Most people in South Carolina feel better now about their personal finances and the state's economy than did so 2 1/2 months ago - despite high gas prices, a jobless rate that remains high and a real estate market that was devastated by the worst recession in a lifetime.
"They see through all the bad news," said Mark Vitner, a Charlotte economist for Wells Fargo. "Economic prospects are better in South Carolina than other parts of the country."
The optimism, revealed in a new Winthrop Poll released Tuesday, is fueled by a number of improving economic trends -- major jobs announcements in the state, a slowing of massive layoffs and an easing jobless rate, economists say. And the outlook could further improve as confident consumers increase their spending, Vitner said.
"Layoffs have slowed and people feel better than they did about the economy a year ago," he said. "That's important when it comes to whether you buy big-ticket items like a car."
Already, 53 percent of those polled in South Carolina think their personal finances are good or excellent, compared with 48 percent of those polled in a similar Winthrop Poll released in early February.
And 53 percent of those polled think their personal financial situation is improving versus 51 percent 21/2 months ago.
Nearly half of those polled -- 48 percent -- think the state's economy is at least fairly good, compared with 38 percent in February. And 59 percent think South Carolina's economy is getting better -- an improvement from the 49 percent who felt that way 21/2 months ago.
The South Carolinians also were more upbeat about the national economy, just less so than the Palmetto State's economy.
About one in three South Carolinians polled thought the nation's economy was at least fairly good, compared to 22 percent in February, and 54 percent thought it was getting better, compared to 46 percent in February.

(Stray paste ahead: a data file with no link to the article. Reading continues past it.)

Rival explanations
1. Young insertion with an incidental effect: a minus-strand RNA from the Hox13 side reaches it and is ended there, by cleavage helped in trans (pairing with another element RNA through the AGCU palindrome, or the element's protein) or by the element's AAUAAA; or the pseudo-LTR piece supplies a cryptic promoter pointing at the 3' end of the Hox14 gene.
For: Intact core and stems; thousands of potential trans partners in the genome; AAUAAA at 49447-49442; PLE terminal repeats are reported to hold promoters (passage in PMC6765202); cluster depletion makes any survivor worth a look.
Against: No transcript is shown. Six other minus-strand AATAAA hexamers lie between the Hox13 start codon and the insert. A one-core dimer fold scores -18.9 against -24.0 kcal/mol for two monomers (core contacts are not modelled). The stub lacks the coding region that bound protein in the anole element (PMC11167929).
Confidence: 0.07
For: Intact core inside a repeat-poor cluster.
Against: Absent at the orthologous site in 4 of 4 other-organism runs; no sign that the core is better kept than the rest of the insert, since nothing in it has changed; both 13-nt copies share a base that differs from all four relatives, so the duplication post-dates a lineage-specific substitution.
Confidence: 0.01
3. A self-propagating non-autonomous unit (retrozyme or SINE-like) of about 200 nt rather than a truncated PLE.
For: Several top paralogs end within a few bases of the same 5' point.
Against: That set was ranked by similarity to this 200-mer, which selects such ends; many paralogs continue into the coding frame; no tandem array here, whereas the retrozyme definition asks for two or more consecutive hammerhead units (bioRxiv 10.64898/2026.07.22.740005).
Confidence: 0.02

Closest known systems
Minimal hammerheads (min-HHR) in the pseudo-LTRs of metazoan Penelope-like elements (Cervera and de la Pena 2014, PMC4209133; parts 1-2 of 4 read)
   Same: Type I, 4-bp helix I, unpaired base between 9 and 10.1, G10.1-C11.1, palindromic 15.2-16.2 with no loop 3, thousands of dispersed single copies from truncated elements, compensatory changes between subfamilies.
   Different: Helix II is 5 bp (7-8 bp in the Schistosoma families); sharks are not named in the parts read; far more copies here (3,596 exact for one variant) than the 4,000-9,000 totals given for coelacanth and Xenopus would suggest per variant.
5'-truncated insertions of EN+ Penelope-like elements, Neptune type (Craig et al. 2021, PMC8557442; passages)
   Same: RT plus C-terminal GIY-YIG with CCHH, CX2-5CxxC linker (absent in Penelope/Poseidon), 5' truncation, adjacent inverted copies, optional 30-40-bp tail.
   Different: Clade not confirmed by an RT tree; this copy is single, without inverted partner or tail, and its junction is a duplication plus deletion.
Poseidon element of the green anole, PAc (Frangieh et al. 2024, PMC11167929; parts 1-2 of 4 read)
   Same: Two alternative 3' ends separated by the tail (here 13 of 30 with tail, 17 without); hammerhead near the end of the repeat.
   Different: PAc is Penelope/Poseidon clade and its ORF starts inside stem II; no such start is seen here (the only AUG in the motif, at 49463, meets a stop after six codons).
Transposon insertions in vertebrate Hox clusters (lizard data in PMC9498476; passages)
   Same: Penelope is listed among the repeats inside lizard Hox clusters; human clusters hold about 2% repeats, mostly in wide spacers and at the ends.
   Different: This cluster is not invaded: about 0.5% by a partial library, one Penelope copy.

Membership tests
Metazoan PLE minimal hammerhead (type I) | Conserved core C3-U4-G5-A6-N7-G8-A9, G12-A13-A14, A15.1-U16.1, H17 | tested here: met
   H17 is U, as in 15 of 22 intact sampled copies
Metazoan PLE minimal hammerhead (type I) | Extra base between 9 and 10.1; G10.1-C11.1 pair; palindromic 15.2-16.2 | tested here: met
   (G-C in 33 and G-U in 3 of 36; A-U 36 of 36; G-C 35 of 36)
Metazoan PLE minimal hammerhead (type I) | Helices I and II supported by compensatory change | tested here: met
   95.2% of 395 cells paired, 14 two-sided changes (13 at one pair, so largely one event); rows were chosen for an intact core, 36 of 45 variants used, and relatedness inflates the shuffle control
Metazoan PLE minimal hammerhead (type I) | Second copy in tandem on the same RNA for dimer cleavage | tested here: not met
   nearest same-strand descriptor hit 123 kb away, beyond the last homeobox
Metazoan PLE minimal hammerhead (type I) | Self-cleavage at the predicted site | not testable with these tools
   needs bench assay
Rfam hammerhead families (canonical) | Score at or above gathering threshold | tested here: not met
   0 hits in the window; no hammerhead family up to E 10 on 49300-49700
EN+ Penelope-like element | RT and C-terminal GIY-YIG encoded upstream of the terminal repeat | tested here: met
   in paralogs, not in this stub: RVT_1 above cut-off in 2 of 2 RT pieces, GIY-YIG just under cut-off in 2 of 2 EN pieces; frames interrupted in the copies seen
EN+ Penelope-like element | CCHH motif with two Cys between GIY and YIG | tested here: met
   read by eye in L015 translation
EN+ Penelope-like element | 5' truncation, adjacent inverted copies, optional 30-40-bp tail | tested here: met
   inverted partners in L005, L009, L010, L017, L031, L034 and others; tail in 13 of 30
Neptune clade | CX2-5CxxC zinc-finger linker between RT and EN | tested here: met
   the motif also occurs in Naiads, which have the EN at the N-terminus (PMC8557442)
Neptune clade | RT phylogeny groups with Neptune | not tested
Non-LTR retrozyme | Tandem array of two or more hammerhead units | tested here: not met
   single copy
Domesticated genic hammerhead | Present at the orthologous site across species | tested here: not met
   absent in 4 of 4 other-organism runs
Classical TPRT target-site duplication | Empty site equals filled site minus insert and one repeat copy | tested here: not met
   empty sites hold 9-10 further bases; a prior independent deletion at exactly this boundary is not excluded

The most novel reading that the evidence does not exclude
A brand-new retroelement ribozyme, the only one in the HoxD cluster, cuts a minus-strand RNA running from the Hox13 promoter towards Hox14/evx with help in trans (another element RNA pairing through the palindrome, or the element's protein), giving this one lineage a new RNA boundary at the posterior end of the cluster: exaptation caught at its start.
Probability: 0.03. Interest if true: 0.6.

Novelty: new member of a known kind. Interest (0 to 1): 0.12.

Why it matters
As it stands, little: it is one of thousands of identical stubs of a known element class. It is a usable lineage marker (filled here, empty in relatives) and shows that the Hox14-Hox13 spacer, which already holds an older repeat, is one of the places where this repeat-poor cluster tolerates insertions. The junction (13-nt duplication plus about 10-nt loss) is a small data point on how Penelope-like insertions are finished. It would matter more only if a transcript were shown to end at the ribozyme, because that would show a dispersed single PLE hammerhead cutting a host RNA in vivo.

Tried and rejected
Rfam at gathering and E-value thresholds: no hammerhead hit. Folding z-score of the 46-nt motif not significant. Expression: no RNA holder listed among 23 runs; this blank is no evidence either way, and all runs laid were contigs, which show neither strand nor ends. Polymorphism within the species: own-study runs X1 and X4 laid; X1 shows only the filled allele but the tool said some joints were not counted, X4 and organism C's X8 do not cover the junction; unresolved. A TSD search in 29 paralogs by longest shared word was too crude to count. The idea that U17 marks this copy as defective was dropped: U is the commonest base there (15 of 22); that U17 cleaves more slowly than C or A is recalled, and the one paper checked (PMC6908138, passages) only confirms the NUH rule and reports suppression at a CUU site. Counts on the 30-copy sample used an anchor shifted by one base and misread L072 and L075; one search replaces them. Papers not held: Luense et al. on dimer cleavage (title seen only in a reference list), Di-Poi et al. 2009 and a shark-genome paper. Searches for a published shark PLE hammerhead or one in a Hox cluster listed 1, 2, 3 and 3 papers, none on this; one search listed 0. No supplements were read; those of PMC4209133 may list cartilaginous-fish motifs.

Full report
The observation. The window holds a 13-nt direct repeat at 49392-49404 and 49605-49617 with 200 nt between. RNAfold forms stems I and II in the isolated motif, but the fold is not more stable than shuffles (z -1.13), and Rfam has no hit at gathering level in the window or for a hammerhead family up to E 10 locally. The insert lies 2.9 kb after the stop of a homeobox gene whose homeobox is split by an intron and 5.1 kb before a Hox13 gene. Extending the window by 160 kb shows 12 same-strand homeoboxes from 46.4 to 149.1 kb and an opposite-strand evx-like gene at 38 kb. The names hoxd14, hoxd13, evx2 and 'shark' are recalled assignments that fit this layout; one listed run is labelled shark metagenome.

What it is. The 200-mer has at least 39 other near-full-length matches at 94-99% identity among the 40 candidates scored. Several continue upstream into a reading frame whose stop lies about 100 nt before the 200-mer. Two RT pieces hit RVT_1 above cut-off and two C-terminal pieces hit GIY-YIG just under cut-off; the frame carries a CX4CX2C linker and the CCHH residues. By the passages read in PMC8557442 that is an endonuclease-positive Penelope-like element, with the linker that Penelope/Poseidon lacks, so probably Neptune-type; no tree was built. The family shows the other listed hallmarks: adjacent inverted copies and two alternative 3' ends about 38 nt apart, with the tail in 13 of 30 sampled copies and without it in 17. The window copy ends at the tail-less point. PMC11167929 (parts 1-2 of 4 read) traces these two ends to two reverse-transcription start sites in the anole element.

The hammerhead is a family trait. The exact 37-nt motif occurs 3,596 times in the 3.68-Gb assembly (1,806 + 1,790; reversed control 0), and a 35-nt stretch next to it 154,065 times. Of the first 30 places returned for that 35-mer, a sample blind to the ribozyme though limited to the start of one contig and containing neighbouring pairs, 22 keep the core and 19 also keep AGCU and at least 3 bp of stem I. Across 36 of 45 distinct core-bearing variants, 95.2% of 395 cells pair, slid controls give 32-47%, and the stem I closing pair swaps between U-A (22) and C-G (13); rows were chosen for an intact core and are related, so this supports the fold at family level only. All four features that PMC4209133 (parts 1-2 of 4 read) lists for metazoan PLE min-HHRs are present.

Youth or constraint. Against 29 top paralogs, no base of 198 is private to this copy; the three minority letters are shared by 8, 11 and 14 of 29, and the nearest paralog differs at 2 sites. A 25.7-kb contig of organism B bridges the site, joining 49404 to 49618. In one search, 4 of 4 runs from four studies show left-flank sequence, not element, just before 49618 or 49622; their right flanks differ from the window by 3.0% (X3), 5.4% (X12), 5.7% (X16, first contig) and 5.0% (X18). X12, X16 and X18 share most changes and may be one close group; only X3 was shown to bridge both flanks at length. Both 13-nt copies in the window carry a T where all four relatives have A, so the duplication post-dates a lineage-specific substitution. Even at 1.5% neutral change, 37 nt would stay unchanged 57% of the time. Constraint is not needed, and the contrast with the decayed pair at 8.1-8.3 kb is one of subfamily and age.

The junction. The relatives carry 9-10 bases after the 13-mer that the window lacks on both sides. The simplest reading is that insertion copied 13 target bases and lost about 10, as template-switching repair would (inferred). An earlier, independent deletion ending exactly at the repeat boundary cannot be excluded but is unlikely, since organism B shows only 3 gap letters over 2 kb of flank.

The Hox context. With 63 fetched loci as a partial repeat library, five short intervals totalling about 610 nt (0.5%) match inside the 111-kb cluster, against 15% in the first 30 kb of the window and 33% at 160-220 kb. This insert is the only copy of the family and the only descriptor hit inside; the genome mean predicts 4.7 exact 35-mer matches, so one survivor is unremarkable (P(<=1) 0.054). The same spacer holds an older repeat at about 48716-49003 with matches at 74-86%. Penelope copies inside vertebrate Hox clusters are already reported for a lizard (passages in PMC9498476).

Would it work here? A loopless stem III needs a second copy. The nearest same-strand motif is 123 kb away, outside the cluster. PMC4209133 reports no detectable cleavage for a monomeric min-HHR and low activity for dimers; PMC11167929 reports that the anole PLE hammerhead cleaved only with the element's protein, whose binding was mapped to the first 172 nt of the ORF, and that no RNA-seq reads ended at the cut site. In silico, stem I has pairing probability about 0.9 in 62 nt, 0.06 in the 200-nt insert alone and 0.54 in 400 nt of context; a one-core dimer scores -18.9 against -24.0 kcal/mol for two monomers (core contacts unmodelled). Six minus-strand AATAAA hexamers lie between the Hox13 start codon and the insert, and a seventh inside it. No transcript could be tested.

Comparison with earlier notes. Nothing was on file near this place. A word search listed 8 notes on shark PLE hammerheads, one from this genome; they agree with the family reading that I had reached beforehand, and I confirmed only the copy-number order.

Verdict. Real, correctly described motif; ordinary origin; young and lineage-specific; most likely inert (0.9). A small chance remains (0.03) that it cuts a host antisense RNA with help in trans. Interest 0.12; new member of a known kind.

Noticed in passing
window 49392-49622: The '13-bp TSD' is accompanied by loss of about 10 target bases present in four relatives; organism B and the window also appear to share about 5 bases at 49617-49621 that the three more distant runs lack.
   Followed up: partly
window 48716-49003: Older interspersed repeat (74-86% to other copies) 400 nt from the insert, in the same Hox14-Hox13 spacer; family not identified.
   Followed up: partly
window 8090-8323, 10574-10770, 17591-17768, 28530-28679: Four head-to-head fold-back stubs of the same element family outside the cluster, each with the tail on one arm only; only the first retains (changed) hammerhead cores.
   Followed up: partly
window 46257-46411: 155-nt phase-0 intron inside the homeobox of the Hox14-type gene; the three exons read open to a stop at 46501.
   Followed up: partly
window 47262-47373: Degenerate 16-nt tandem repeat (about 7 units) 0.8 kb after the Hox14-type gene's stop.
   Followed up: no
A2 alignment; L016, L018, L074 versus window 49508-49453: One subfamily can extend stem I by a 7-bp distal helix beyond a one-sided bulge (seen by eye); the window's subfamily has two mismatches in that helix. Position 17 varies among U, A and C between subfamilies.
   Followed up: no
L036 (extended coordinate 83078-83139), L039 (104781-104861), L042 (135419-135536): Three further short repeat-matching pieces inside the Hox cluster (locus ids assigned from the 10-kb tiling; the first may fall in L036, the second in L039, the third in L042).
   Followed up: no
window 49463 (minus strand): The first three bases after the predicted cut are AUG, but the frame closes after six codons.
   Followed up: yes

Those results struck Vitner as "kind of surprising ... given that South Carolina has a higher unemployment rate" than the country.
The state's unemployment rate was 8.9 percent in March, according to the S.C. Department of Employment and Workforce, compared to the national rate of 8.2 percent. In March, the state's jobless rate -- once among the highest in the nation -- dropped below 9 percent for the first time in more than three years. The state's jobless rate now ranks 42nd in the country but is one of the best in the Southeast, according to Matt Dotson, an economist with the Bureau of Labor Statistics.
But that rate promises to go lower as recent major manufacturing announcements turn into jobs in the coming years. Just in the past year, for example, South Carolina has had commitments from three major tire-makers to expand or build new plants here, creating thousands of jobs.
The jobs issue still was the No. 1 issue facing the state, among those polled. But only 26 percent listed it as the top issue, compared to 37 percent in February.
Still, the state faces challenges on its path to a full economic recovery.
Gas prices have been well above $3 a gallon since the beginning of the year, averaging $3.66 Tuesday, according to AAA's Fuel Gauge.
Nearly 68 percent of those answering the poll say they have cut back on spending for other things because of the high gas prices. A full 72 percent said they had cut back on driving. "That has taken a toll, but, even with the run-up in gas prices, we still have people saying their finances have gotten a little better," Vitner said.
Real estate is another area where the state faces challenges.
Home sales increased 6 percent to 10,688 in the first three months of the year, compared to the same period a year ago. But they still are down 30 percent from the peak of 15,269 sales in the first quarter of 2006.
Despite the challenges, South Carolina's economy is improving, said Dotson, the Labor Statistics economist. South Carolinians who have been out of work for a while now are finding jobs and feeling better about their personal finances, he said.
"The entire country is improving, as well, but I would say that South Carolina is doing better than several places," Dotson said.